Went to Market. This little piggie stayed home." And this little piggie told me in a dream last night that it was time for me to write about my little piggies. Here I am in a picture from 1979 pointing out Faith, Hope, Charity and Grace. Grace is on the right with the full white band on her lovely Hampshire shoulders. I always had to look closer to determine the other three.
If asked if I would ever want to be a certain age again, I always say "no", I'm happy at the age I am now. But if I ever did go back to a place in time, this would have to be it. With the exception of losing my Dad, this was one of the happiest times in my life. I was already planning on moving back home to SW Iowa before Dad died. I wanted to be back closer to family and raising my children in the country.
I rented the house and buildings on the NE side of Tuck Corner. It was a big house, two car garage, chicken house and barn. I got four gilts from Mom and a box of baby chicks from Gurneys Seed Catalog as well as seeds for a big garden. I had a wood burning stove, a chain saw and a pickup. I was a happy, independent woman.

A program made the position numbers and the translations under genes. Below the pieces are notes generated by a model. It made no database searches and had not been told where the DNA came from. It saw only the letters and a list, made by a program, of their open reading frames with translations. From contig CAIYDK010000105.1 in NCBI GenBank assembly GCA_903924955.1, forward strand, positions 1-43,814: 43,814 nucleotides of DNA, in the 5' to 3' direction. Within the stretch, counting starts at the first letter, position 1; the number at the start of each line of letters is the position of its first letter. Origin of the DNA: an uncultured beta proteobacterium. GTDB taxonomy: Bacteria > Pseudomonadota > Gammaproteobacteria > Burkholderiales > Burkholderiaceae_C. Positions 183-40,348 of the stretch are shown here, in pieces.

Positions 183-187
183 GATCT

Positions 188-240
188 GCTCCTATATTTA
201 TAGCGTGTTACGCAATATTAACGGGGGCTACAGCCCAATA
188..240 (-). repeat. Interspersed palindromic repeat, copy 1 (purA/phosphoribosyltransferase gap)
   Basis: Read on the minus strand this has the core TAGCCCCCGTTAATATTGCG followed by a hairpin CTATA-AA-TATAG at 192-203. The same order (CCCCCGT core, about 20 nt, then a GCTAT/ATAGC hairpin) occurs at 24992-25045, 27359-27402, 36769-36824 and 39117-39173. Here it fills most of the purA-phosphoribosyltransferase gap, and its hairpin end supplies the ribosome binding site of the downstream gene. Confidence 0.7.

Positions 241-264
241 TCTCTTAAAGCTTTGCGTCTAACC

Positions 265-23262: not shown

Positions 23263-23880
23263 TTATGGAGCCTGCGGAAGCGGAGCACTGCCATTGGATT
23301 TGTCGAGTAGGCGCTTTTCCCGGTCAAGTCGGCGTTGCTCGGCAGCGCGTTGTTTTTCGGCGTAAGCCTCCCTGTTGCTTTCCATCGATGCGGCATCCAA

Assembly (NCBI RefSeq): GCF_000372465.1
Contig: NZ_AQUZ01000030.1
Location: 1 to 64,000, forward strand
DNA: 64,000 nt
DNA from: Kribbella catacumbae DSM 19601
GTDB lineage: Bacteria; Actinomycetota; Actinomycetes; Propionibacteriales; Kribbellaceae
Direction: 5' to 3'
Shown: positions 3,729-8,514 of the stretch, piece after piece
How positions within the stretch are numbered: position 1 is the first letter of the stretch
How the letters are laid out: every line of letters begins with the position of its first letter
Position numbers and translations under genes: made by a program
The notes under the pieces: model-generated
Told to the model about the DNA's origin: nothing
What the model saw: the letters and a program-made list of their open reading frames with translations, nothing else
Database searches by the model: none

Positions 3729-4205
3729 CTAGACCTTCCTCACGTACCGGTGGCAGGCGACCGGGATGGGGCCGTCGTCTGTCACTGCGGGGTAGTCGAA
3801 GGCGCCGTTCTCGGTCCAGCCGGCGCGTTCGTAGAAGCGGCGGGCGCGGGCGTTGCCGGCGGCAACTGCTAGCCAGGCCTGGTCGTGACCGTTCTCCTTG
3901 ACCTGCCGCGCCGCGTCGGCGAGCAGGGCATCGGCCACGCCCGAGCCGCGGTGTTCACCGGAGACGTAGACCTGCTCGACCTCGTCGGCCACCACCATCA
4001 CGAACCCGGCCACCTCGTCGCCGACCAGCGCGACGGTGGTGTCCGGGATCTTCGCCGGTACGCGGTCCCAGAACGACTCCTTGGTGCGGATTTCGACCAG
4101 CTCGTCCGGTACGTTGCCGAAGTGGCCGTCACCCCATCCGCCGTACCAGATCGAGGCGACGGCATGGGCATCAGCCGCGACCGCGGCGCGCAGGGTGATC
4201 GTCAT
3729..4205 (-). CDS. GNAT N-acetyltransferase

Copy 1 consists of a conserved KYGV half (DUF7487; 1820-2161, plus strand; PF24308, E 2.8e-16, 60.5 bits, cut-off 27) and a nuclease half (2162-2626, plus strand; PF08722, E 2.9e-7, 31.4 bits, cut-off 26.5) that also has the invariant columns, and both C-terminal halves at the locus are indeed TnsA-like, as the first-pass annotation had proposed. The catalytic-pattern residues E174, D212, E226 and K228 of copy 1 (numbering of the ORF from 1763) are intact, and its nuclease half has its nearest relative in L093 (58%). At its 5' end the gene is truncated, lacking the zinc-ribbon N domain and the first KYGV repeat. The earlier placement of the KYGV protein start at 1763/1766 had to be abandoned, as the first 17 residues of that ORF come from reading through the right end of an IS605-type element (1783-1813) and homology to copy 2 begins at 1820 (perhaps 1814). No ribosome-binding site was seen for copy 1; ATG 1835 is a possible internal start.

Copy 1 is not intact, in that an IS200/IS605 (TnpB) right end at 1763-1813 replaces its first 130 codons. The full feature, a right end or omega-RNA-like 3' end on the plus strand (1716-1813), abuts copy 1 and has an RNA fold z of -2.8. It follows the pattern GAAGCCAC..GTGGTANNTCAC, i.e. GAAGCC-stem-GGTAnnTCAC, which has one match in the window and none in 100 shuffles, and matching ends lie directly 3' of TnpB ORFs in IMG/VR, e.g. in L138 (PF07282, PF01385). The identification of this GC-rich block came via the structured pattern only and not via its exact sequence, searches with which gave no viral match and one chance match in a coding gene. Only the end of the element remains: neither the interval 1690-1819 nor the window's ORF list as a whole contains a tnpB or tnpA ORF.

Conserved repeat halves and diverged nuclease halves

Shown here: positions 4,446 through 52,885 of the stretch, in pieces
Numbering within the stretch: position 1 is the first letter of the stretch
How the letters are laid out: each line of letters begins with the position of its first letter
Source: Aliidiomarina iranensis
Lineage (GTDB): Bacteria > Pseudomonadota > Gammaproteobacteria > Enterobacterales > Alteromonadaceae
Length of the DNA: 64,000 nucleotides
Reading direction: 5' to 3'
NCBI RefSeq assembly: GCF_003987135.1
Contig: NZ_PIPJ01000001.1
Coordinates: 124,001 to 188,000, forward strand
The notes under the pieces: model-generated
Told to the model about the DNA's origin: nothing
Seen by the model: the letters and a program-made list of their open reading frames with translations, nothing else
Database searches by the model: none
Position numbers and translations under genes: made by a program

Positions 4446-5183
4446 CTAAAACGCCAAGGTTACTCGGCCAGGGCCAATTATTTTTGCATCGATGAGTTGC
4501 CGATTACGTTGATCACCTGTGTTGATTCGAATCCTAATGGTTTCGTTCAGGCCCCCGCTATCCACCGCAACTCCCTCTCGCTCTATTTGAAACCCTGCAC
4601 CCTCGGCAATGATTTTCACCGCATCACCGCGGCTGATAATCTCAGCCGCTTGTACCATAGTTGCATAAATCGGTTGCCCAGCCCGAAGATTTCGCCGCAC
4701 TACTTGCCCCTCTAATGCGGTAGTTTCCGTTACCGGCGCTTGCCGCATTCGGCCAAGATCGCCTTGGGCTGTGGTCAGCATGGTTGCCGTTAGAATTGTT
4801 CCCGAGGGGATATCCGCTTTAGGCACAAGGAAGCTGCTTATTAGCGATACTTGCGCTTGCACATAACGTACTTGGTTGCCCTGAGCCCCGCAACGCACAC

I was also the third generation of Hampshire Hog loving women. Grandma Delphia had her sows after Grandpa died. I remember one was named Minnie. Mom raised Hamps for many years. I remember sitting with one of Mom's sows all day. She was either trying to have her pigs or had had them and was suffering from mastitis. I just remember giving her shots and hoping she got better - which she did.
When it was time for Faith, Hope, Charity and Grace to have their first litters, I made pens for them in the old barn, put down fresh straw for bedding and waited. None of them needed any help. It was such a joy to watch the baby pigs being born. And seeing the different colors was exciting. The gilts had been bred to a Hamp boar, but he was a crossbred with Duroc and Spotted Poland bloodlines. Those little piggies were the cutest ever. I sold them as feeder pigs after they were weaned and hated seeing them go.
During the six years of living around Fairview before moving back to West Des Moines in '84, we raised more pigs and chickens as well as sheep and geese. I wanted goats, but everyone said you couldn't keep goats in - I had enough trouble with the other species getting through fences. I helped Mom with her cows and calves, but never wanted any of my own even though I still love seeing baby calves in the spring of the year.
I will always be grateful for those years and the experiences I had raising livestock.